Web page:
The renewal of an ancient family feud leads to redemption for an outcast son in “Shiro’s Head,” the first-ever feature made in Guam by Guamanians. A compelling character study hampered by a surfeit of voiceover narration and overly ambitious plotting, this well-produced DIY debut by ethnic Chamorro siblings Kel and Don Muna nonetheless shows promising raw talent. A worthy fest addition, the self-distribbed film has notched decent biz in scattered local release since Oct. 3. Trimming by a few minutes would assist tube prospects.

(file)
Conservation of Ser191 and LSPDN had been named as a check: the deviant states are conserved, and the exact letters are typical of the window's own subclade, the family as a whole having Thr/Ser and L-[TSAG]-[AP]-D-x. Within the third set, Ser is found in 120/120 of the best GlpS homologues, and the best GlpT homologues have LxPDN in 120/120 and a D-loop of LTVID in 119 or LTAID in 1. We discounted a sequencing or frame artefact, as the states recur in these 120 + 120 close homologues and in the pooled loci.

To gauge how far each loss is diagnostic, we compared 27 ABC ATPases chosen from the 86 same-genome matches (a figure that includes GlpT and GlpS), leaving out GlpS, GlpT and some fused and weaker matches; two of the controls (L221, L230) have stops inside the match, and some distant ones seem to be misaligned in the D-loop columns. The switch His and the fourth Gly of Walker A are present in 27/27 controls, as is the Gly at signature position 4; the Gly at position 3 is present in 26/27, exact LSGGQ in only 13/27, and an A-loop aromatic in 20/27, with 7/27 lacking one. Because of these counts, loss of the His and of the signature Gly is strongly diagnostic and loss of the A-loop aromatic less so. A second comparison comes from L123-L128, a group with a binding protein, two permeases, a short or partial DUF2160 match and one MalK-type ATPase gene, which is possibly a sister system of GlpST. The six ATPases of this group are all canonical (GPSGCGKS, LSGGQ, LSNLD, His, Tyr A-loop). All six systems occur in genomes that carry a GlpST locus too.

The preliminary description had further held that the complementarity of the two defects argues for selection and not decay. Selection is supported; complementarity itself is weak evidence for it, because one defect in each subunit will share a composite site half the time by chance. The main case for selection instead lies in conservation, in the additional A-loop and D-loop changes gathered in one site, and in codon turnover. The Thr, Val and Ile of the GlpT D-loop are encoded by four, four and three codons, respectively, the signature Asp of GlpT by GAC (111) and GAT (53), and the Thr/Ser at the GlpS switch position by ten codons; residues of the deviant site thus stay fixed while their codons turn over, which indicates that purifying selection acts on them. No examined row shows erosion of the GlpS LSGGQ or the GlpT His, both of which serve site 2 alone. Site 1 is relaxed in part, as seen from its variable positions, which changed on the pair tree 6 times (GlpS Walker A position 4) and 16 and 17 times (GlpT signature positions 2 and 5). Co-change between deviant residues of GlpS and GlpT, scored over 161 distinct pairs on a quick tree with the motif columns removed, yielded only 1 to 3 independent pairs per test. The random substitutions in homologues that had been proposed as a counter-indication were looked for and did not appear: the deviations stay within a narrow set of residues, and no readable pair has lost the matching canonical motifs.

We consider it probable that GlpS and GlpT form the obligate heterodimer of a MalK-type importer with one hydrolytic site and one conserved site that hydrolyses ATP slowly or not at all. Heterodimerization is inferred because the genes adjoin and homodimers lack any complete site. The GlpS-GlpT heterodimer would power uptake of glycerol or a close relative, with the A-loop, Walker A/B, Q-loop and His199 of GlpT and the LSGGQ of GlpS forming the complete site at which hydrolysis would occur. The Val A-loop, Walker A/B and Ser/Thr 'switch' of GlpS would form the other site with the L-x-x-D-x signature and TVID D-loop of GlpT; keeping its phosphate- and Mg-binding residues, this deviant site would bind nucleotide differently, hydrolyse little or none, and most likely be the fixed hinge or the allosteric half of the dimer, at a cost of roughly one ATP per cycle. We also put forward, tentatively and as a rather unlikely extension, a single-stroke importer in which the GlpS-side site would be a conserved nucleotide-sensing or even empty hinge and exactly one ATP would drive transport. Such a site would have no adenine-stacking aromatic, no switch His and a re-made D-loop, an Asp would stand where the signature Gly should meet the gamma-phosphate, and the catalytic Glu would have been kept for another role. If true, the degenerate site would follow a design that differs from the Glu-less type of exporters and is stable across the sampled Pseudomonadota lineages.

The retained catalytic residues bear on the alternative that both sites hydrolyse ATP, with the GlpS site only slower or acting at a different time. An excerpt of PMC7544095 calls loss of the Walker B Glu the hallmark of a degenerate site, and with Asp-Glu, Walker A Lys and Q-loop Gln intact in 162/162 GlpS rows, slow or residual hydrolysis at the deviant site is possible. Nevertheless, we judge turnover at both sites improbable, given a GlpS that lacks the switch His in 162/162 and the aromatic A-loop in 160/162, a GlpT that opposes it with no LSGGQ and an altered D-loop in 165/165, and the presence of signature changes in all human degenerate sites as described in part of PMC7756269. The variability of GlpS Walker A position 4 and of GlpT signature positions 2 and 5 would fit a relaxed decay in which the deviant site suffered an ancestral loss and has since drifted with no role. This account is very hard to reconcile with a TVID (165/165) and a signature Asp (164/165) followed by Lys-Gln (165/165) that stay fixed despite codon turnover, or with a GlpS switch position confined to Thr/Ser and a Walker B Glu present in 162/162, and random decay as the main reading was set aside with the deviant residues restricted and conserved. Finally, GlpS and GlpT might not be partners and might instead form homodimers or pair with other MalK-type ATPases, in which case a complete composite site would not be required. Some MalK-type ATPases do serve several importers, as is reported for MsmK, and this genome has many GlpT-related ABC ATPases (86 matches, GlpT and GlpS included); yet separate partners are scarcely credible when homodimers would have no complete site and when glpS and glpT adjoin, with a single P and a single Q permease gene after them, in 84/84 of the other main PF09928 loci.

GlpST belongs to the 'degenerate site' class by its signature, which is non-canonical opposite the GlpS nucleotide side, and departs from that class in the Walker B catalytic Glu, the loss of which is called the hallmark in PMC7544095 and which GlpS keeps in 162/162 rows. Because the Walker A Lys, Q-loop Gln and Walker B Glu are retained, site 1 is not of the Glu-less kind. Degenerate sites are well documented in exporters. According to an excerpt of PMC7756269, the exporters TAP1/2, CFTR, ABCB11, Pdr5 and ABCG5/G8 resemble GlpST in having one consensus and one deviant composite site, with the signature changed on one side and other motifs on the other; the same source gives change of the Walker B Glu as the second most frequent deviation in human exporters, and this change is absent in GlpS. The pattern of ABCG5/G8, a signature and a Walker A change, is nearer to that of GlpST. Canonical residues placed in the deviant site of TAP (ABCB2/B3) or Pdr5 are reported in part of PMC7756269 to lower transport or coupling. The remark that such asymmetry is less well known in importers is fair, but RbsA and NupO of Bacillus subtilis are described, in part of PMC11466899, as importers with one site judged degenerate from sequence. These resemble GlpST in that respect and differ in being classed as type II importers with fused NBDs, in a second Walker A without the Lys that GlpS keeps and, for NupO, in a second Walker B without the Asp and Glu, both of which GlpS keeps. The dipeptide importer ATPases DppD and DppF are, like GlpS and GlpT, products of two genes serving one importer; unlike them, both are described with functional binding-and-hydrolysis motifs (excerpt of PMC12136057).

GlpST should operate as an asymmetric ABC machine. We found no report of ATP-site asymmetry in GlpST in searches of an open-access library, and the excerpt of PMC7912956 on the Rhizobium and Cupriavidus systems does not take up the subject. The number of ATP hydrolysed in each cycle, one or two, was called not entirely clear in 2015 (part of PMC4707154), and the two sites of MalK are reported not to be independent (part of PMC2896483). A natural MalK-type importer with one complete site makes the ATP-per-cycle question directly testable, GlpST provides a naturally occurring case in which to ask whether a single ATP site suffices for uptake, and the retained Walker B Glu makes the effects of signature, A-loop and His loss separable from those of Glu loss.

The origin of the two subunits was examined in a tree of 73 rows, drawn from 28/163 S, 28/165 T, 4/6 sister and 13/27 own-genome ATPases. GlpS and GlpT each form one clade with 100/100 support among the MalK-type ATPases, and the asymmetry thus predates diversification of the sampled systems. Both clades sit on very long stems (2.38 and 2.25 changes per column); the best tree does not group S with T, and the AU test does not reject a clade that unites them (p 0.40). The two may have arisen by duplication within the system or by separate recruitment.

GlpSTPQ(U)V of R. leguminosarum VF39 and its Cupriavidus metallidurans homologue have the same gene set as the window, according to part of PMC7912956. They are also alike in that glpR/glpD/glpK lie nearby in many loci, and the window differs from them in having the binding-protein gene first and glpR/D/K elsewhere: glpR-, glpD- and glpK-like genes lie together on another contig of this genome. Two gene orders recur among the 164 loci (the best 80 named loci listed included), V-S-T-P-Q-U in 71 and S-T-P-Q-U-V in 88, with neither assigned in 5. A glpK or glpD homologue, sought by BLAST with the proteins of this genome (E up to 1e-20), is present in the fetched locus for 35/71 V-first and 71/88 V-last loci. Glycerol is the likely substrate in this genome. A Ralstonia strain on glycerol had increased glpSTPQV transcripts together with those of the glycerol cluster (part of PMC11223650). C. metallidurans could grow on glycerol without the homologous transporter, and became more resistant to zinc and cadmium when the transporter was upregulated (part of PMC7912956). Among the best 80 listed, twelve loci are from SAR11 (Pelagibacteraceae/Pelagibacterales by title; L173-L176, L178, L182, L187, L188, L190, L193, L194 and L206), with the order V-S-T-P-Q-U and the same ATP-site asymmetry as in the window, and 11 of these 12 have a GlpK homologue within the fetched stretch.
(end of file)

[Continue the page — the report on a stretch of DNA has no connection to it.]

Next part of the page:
Story is framed around the straight-to-camera confessional of Vince Flores (Don Muna), a grungy hustler crippled and guilt-wracked by his role in the car crash that killed his father. Muna’s charismatic perf drives the tale of Vince emerging from the shadows upon the return of family friend Noah (Matt Ladmirault). Duo form an uneasy alliance following the murder of Vince’s half-brother (Julian Santos) by a scary Japanese assassin (Dion Lizama) seeking a sacred sword held by the Flores clan. Details of the invented legend are overly elaborated, but Vince’s reformation in the midst of bloodshed commands attention. Tech credits are polished; music is terrific.